In order to be successful in math, students must learn to generalize concepts. Doing this requires a student to understand the principles of a concept in a given example and then connect the principles to broader applications. Function families exemplify this idea in that a student must first see the properties of the parent function before learning how various parameters change the graph of that parent function. While a teacher could hand his or her students a list of how a given parameter affects a given parent function, students are more likely to relationally understand the effects of the parameters if they discover the properties themselves. Using a graphing tool such as Desmos, students can graph generic functions in given families, adjusting the parameters to uncover the relationships among them.
To walk through this process, let’s examine the absolute value function family:
We will start by looking at the parent function, y=|x|, so a=1, b=1, c=0, and d=0. Noticing that the vertex of the graph is located at the origin, we also see that the graph has only positive y-values.
Leaving a=1, b=1, and c=0, we can adjust the value of d and see that increasing the value of d results in a vertical translation up, while decreasing the value of d results in a downward vertical translation. Next, we will let d=0 and adjust the c value. Doing this, we notice that increasing the value of c causes a horizontal translation to the right, while decreasing c results in a horizontal translation to the left. Putting these two findings together, we deduce that the vertex of our graph is the point (c, d), as shown below:
As seen in the above graph when d=-1, the absolute value function may produce negative y-values when d has a negative value. Thinking that absolute value is always positive, most students may be initially confused by these results, but this observation can lead students to an important understanding of the absolute value function. The key that students must understand is how the absolute value function operates. It operates such that the graph of the absolute value function is actually the graph of the linear equation y=a(b(x-c))+d where x<c is reflected over the line y=d. In this way, x=c serves as the line of symmetry, and students will observe that the function never produces values more negative than y=d when a>0 and never produces y-values more positive than y=d when a<0.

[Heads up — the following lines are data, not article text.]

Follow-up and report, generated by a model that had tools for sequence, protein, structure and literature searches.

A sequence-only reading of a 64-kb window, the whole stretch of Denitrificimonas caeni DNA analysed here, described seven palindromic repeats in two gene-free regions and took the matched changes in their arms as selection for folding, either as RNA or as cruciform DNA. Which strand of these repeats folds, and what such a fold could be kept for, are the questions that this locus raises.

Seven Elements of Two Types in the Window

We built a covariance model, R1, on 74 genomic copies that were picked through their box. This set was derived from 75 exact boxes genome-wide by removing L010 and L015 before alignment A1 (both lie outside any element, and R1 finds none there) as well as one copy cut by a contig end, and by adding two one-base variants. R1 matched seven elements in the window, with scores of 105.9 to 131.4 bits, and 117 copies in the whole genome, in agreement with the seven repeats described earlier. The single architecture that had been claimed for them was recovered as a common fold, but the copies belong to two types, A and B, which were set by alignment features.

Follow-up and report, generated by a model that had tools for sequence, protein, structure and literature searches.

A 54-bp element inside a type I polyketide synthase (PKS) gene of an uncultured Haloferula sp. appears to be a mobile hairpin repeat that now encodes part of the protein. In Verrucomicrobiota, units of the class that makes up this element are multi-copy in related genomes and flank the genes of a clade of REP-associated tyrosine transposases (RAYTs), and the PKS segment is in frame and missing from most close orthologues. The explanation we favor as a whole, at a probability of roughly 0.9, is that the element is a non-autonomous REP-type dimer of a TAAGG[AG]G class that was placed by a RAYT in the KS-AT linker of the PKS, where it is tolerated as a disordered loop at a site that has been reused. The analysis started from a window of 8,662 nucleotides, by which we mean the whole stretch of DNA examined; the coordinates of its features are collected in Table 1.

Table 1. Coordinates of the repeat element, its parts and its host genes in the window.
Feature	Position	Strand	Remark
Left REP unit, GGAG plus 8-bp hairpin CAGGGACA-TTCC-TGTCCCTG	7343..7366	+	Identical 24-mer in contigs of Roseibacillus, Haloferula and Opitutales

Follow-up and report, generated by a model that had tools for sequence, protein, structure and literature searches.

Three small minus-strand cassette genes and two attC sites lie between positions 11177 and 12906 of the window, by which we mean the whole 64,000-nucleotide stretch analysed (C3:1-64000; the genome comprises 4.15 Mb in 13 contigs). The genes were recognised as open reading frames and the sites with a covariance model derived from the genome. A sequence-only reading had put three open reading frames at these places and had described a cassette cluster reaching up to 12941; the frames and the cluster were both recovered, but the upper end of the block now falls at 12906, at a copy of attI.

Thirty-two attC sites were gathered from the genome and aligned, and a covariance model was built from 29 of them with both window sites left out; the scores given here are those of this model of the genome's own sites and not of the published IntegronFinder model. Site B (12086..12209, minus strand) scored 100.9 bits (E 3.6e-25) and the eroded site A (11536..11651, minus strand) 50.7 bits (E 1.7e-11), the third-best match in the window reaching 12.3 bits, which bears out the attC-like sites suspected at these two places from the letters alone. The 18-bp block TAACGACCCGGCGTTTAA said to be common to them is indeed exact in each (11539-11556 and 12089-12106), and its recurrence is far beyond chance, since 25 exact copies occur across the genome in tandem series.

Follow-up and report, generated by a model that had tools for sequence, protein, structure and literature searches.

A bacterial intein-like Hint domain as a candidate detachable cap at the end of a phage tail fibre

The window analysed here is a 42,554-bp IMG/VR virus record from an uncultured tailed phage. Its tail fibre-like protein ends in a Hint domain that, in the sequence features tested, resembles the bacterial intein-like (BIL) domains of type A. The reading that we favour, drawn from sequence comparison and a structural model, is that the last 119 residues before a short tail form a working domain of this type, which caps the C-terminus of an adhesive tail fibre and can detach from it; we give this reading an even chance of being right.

This leads us to examine the effect that a and b have on the graph. Allowing d=0, c=0, and b=1, we can manipulate the value of a to determine its effects:
- When a>0, the graph opens up and when a<0, the graph is reflected over the line y=d so that the graph opens down.
- When |a|>1, the graph is vertically stretched. For example, when a=1, the slope of the graph for x>0 is 1. When a=2, the slope for x>0 is 2, meaning that for every one unit travelled horizontally, two units are gained vertically, pulling the graph away from the x-axis.
- When |a|<1, the graph is vertically compressed. So, when a=1/2, when one unit is travelled horizontally, only 1/2 unit is gained vertically, pushing the graph towards the x-axis.
- When a=0, the graph is the horizontal line y=d, because the absolute value part of the function is zeroed out.
Now letting d=o, c=0, and a=1, it is evident that b has similar effects on the graph:
- Only the magnitude of b, not whether b is positive or negative, affects the graph, because the absolute value part of the equation causes b(x-c) to always be positive.
- When |b|>0, the graph is horizontally compressed. For example, when b=1, the graph travels horizontally one unit for every unit it travels up. When b=2, the graph travels horizontally one unit fore every 2 units travelled up.
- When |b|<0, the graph is horizontally stretched. When b=1/2, the graph travels horizontally 2 units for every unit travelled up.
- When b=0, the graph is the horizontal line y=d, because the absolute value part of the function is zeroed out.
This graphing activity is presented in Focus in High School Mathematics: Technology to Support Reasoning and Sense Making. In the book, Dick and Hollebrands (2011) recommend this as a group activity so that kids can individually interact with the graph while feeding off of each other’s ideas. Additionally, a teacher might have groups organize their conclusions in a diagram or table (Dick and Hollebrands, 2011, p. 29). As students investigate function families, it is crucial that a teacher facilitates student discussion, in this way ensuring students draw accurate conclusions.
Dick, T. P., & Hollebrands, K. F. (2011). Focus in high school mathematics: Technology to
support reasoning and sense making. Reston, VA: National Council of Teachers of